It has been estimated that a large percentage of foreclosures, that occurred in the United States, were on properties that were given out for rent. The landlord of the property might have initially thought that putting his property on rent would help him negate all his expenses and pay his monthly installments. However, the fall in property value and unavoidable circumstances rendered him unable to make his monthly installment payment. Under such cases, the bank or the financial institution where he has mortgaged his property, can initiate the foreclosure process. The renter or the tenant, finds himself in the most awkward and trying of situations, as he is forced to face trouble in spite of paying his regular rent. Understanding the process and its timeline, are the other important aspects that the tenant needs to be aware of, along with the tenant's rights.
This process does not have the same rules in every state. Before we start with the renter's rights in foreclosure, let us have a brief understanding of how does the process actually work.
The Foreclosure Process
If the property owner has mortgaged his property to a bank or any other financial institution and is unable to pay his installments, then the bank has the right to initiate the foreclosure process. During the process, the lender approaches the court and the court issues a notice to the property owner. He is asked to pay a fine in addition to his installments, within a certain duration of time. If he fails to do so, the property is auctioned to meet the amount of loan given out by the loan lender.
Why is the Foreclosure Process Hard on Tenants?
When this process is carried out, the renter or tenant staying in the property, often remain unaware of the situation. He keeps paying his rent regularly to the landlord and the landlord may not have the least wish to retain the property or resist the foreclosure. Besides, if the property is in the hands of the bank or some financial institution, they are least interested in the maintenance of the property.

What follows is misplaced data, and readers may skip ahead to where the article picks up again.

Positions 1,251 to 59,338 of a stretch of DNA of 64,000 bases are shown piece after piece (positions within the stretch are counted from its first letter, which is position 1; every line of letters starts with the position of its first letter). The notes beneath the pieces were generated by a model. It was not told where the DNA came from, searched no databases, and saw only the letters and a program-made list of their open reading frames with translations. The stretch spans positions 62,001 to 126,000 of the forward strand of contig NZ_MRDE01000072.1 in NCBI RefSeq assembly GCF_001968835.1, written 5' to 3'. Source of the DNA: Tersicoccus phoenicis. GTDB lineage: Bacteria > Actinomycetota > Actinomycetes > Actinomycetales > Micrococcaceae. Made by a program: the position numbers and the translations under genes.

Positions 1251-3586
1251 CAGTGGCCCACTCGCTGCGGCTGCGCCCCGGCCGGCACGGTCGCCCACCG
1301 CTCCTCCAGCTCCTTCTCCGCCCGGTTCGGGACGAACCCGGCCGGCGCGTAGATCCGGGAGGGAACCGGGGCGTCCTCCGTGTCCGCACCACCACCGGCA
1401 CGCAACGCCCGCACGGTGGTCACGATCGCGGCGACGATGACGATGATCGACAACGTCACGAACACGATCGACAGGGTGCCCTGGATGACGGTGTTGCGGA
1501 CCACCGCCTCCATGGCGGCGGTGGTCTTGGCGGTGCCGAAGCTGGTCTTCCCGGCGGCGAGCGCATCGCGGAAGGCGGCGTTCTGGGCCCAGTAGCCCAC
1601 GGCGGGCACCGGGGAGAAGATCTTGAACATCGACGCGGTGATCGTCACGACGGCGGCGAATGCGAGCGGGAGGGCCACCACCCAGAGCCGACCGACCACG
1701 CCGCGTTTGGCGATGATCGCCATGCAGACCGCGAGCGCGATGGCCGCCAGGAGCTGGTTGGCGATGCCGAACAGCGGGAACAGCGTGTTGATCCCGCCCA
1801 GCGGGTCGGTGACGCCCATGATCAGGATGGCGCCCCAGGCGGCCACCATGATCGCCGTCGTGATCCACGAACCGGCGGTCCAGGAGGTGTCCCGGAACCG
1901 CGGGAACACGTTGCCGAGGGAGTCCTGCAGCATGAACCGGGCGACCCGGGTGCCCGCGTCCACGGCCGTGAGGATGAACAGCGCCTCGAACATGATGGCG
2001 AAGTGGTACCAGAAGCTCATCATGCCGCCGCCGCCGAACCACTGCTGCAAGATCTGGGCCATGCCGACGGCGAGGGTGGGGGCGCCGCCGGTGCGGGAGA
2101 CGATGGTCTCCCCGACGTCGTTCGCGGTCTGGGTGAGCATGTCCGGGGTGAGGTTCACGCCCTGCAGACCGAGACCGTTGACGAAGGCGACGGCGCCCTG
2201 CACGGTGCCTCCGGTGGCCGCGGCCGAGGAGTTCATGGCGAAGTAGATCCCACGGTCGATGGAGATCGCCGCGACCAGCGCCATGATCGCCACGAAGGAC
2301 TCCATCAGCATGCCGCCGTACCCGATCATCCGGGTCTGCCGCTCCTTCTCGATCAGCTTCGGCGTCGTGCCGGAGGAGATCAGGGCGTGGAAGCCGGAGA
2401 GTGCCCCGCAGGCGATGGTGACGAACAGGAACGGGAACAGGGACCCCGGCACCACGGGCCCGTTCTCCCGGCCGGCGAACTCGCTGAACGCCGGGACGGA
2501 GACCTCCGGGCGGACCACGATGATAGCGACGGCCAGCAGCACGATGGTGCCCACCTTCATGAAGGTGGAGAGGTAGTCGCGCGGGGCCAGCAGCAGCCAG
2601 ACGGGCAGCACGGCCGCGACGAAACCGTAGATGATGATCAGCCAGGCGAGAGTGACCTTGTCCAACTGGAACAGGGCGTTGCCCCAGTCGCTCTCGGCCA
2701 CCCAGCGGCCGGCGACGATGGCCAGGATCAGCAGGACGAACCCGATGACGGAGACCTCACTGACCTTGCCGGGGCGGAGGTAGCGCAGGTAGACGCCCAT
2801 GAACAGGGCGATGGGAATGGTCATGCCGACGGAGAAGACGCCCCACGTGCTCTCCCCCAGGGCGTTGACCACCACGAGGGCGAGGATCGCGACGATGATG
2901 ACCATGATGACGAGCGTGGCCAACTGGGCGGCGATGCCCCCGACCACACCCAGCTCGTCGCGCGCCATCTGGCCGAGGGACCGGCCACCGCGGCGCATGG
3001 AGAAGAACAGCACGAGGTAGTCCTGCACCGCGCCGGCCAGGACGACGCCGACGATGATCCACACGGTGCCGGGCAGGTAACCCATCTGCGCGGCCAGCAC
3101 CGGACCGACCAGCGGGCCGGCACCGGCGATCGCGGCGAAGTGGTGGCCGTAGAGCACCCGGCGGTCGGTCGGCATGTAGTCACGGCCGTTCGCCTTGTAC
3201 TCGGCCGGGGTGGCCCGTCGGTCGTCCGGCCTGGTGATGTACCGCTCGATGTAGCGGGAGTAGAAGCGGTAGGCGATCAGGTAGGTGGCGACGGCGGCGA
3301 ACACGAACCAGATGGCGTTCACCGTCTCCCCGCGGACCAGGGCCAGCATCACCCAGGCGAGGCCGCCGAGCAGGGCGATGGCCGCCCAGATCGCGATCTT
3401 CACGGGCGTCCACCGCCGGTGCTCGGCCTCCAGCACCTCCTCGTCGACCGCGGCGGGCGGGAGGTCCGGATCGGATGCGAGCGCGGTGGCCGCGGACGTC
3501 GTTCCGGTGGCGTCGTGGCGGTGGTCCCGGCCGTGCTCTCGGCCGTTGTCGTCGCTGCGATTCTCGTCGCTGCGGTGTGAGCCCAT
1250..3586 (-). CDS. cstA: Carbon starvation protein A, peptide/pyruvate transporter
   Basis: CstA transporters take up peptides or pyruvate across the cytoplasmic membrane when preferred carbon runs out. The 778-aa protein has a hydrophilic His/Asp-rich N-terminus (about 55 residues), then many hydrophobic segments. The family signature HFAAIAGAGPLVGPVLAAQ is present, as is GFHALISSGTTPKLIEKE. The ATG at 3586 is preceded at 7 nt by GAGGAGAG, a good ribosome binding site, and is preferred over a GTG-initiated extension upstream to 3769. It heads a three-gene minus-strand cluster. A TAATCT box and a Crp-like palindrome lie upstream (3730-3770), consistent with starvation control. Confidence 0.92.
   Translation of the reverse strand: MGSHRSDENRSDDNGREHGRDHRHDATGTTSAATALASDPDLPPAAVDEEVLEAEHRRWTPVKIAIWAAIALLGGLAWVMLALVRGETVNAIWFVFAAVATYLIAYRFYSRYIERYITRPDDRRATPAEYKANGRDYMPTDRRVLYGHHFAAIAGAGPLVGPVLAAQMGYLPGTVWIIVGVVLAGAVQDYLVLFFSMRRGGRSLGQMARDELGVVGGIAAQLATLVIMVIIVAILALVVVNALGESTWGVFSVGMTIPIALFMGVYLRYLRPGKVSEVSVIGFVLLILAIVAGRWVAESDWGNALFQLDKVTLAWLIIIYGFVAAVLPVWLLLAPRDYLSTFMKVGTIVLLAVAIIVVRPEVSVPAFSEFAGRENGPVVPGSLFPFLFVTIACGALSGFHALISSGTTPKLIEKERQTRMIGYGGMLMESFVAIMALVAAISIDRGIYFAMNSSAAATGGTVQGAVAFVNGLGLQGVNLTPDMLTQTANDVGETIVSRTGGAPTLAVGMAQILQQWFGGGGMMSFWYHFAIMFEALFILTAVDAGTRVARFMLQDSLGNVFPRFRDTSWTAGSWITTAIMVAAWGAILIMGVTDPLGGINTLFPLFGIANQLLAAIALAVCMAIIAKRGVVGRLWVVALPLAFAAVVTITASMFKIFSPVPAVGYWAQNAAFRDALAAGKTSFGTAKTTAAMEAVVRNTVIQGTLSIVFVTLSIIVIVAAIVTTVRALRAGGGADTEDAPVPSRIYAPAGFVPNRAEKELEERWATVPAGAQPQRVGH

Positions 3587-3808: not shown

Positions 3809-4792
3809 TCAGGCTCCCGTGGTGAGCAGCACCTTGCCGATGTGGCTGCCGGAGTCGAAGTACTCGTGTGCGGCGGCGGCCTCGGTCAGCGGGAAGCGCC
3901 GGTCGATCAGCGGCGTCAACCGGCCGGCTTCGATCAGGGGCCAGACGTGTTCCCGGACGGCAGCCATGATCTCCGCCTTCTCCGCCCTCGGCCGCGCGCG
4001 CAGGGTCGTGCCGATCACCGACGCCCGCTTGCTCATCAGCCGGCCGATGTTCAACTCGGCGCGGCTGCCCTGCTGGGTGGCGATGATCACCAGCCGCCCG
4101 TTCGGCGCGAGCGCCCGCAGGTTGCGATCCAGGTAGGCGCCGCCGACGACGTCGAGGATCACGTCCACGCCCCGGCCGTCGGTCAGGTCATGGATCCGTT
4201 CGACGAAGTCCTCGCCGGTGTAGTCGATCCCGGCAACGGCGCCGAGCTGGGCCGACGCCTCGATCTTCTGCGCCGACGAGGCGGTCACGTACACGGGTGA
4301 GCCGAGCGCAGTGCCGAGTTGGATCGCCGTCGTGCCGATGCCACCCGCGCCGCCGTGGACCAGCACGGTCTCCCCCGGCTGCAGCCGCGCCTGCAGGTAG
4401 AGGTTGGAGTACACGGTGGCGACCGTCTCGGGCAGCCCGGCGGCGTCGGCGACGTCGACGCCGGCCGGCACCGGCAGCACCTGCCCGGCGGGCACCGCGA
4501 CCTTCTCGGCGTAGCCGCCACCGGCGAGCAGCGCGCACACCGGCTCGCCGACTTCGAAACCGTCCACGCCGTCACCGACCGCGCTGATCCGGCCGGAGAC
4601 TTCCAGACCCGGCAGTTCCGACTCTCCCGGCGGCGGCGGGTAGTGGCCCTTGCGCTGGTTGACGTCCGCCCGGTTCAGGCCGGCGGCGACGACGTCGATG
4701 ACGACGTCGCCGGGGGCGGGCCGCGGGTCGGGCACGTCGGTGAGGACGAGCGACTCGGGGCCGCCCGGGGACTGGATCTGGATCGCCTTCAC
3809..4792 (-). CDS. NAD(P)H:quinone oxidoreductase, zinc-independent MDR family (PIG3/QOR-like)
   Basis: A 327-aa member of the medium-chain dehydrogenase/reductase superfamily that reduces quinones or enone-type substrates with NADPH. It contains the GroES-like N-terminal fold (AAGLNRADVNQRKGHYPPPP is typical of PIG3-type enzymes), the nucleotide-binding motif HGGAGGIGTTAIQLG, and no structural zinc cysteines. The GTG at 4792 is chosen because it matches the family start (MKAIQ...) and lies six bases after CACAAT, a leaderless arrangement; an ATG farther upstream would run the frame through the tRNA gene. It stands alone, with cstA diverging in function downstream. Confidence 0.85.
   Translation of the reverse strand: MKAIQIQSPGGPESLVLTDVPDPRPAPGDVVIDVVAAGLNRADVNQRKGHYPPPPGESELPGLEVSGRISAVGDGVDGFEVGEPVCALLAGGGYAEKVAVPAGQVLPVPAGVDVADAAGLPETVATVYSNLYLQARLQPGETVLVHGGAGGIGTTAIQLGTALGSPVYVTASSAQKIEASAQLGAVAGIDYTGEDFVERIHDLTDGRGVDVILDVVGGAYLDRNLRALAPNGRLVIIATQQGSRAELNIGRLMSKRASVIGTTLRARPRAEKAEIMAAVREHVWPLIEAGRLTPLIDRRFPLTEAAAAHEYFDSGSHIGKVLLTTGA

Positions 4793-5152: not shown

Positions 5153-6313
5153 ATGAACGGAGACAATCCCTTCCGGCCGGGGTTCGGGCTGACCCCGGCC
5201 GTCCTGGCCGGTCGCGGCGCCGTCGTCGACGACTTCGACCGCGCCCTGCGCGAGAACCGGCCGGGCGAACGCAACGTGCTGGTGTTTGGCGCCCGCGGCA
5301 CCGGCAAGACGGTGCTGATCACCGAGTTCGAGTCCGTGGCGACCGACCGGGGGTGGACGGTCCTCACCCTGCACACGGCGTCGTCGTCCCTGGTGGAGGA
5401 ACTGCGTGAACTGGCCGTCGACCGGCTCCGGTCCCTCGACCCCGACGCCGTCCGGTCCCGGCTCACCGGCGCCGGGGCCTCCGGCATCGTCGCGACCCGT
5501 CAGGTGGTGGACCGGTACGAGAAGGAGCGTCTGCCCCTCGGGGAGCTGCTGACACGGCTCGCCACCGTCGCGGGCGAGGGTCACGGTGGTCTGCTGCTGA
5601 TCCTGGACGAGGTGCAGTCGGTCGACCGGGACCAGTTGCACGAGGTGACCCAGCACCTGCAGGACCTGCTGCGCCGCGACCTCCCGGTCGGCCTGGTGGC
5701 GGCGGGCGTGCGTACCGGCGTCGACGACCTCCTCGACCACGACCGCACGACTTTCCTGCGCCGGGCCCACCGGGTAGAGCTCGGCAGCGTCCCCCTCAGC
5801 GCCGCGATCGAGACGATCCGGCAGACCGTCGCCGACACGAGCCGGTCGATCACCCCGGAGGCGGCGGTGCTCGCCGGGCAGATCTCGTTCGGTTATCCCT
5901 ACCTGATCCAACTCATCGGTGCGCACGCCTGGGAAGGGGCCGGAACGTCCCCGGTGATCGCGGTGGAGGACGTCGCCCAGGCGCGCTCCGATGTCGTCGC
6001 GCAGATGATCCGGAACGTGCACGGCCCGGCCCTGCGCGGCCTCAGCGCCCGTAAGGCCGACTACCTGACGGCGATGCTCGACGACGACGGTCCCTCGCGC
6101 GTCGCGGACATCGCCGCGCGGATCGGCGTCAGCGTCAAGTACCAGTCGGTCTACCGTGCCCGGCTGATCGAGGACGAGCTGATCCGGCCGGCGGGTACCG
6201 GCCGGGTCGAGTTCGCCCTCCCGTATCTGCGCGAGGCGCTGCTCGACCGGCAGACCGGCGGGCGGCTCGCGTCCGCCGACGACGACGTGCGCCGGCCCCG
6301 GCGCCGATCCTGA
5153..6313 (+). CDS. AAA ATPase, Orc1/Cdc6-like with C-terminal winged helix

Renters' Rights During Foreclosure
The tenant's rights have been strengthened by the 'Protecting Tenants at Foreclosure Act of 2009' signed by President Obama, on 20th May, 2009. According to this law, a tenant who has taken a property on lease, can retain the property for the entire duration of his lease. He will have to pay his installments on a regular basis to the new landlord or property owner. This is the case if the new property owner has no intention to reside in the property. In case the new property owner or landlord wishes to stay there, the renter's rights in foreclosure demands that he should provide a notice of 90 days to the tenant, for vacating the property. Similarly, if the renter staying in the property is paying the rent on a monthly basis and has not signed any lease papers, then he should also be given a 90 days notice period. This notice period, i.e. 90 days, is far more than that in any other country.
These tenant's rights during a foreclosure ensure the tenant's security. Besides this, the new property owner should not get the property vacated, unless he wants to reside in it. An empty property will just further depreciate the cost of the property in the market. However, it is always wise that the previous landlord should try out all possible ways to stop a foreclosure, like bailout and mortgage loans. This is because no one comes out a winner after it, and the consequences are as bad, if not worse, as the process itself.